Is Your Video Storage Solution Doing Its Job?

High-resolution video can now be stored for longer and longer periods - without breaking the bank.
Published: February 13, 2015

Plug a cable into it, lick, stick and today’s home Wi-Fi cameras magically go out across your home network and let you watch your home, in living color, from virtually anywhere in the world. All the video is stored up in the cloud … no fuss, no muss, aside from your credit card being billed every month.

That is just one example, but it is now easier than ever to get personal and consumer cameras set up, largely due to the explosion of storage options available to IP camera manufacturers. Advancements in technology allow unimaginable amounts of video to be stored pretty much wherever you want it. For commercial and enterprise customers, it’s getting easier and easier to store high-resolution video for longer and longer periods – without breaking the bank.

From cold storage to the cloud, let’s take a closer look at the options and applications available.

It is worth looking back to see where we’ve come from, in order to appreciate what we have now, as well as what might be coming.

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A leading hard drive manufacturer just released a 10TB hard drive. This boggles the mind when you consider the size and capacity of a typical hard drive back when the CCTV industry was in its infancy. IBM’s first hard drive held 3.75MB and weighed in excess of a ton! The cost per gigabyte, the metric now for storage costs, went from a whopping $1 mil-lion per month (lease option only) for the first hard drive to a paltry 43 cents/GB today.

Hard drives are continuing to grow in capacity, using ingenious methods like filling the drive with helium instead of air to increase storage densities. It is interesting to note that the data tracks on modern hard drives, similar to the grooves on a record player, are now smaller than a flu virus (75nm).

Measured in time, the first hard drive could store 15 seconds of full HD video, whereas the 10TB monster that was just released can store 462 days, 23 hours, six minutes and 40 seconds of continuous full HD video. For home storage, consumer electronic devices are pushing SD card sizes to dizzying heights – 512GB is avail-able now. To express that storage amount in units of time, that’s 23.7 days of continuous full HD recording, on a single card.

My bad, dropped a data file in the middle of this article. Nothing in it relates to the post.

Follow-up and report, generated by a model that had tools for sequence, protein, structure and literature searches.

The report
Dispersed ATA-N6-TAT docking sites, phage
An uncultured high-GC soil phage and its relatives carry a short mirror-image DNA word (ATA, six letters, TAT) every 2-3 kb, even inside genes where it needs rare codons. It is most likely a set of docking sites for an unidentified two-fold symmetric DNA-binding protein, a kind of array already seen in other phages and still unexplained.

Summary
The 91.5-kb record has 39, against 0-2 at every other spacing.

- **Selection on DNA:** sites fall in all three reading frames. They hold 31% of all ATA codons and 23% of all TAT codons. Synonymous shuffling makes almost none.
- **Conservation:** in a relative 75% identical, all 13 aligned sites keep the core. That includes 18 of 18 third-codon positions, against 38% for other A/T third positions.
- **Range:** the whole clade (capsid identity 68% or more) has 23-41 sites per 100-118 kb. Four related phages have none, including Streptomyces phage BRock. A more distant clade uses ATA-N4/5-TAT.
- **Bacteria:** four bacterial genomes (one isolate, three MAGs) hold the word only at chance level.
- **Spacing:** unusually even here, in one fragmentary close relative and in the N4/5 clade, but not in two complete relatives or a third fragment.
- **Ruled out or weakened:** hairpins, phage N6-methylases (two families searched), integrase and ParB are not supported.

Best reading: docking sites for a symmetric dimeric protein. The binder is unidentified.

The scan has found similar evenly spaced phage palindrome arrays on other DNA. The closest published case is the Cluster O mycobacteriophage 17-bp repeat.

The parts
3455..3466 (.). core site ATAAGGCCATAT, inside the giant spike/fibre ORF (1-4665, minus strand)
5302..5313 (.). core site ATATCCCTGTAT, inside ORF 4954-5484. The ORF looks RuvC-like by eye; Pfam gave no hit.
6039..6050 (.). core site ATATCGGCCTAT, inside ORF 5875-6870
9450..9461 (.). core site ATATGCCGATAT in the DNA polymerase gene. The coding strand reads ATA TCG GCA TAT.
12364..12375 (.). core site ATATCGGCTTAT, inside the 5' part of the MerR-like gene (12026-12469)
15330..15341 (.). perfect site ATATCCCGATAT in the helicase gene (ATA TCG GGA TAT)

The trend with all consumer cameras destined for the home is to push to move everything to “The Cloud.” This too is on everyone’s radar, but no one has quite figured out yet what “cloud” means for conventional commercial and enterprise users.

Cloud storage used to be a joke within the CCTV community, but increasingly it really is a viable option for security. Like IBM’s first hard drive, cloud storage is also sold/leased per month based on the quantity you need. Massive Internet companies like Google, Amazon and Microsoft have capitalized on all the cheap storage and have built huge datacenters. There’s a glut of storage available, which is a win for consumers. It started out as an expensive option, but the word “unlimited” is now being thrown around by all the big players for a low monthly price.

RELATED: 4 Cloud-Based Security Installation Myths

Amazon was the first to strike, giving their Amazon Prime members “unlimited” storage for photos. Microsoft and its cloud storage service called OneDrive followed suit and went “all in” with “unlimited storage” for its subscribers. Pretty incredible considering that OneDrive allows you to store pretty much whatever you want there.

To be sure there are security and privacy implications, but modern-day encryption will save the day there, too. With more neighborhoods and major city centers being wired with fiber, the Internet network issues will also fade into distant memory.

So Much Video, So Little Time

The quiet little secret of the security industry is that despite recording vast amounts of video, not much of it is actually watched. It is estimated that more than 95% of video is recorded, but is never viewed. It is pretty expensive to keep all those hard drives spinning to keep data around that doesn’t ever get accessed. That doesn’t mean the video storage doesn’t have value, but we can use other techniques to put the video in a “freezer” so to speak only to be accessed if something goes wrong.

In the storage world, this offline storage pool is often called cold storage. It is becoming much more popular as storage length demands are steadily increasing, but demand to have immediate access is shrinking.

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Strategy & Planning Series
Strategy & Planning Series
Strategy & Planning Series
Strategy & Planning Series
Strategy & Planning Series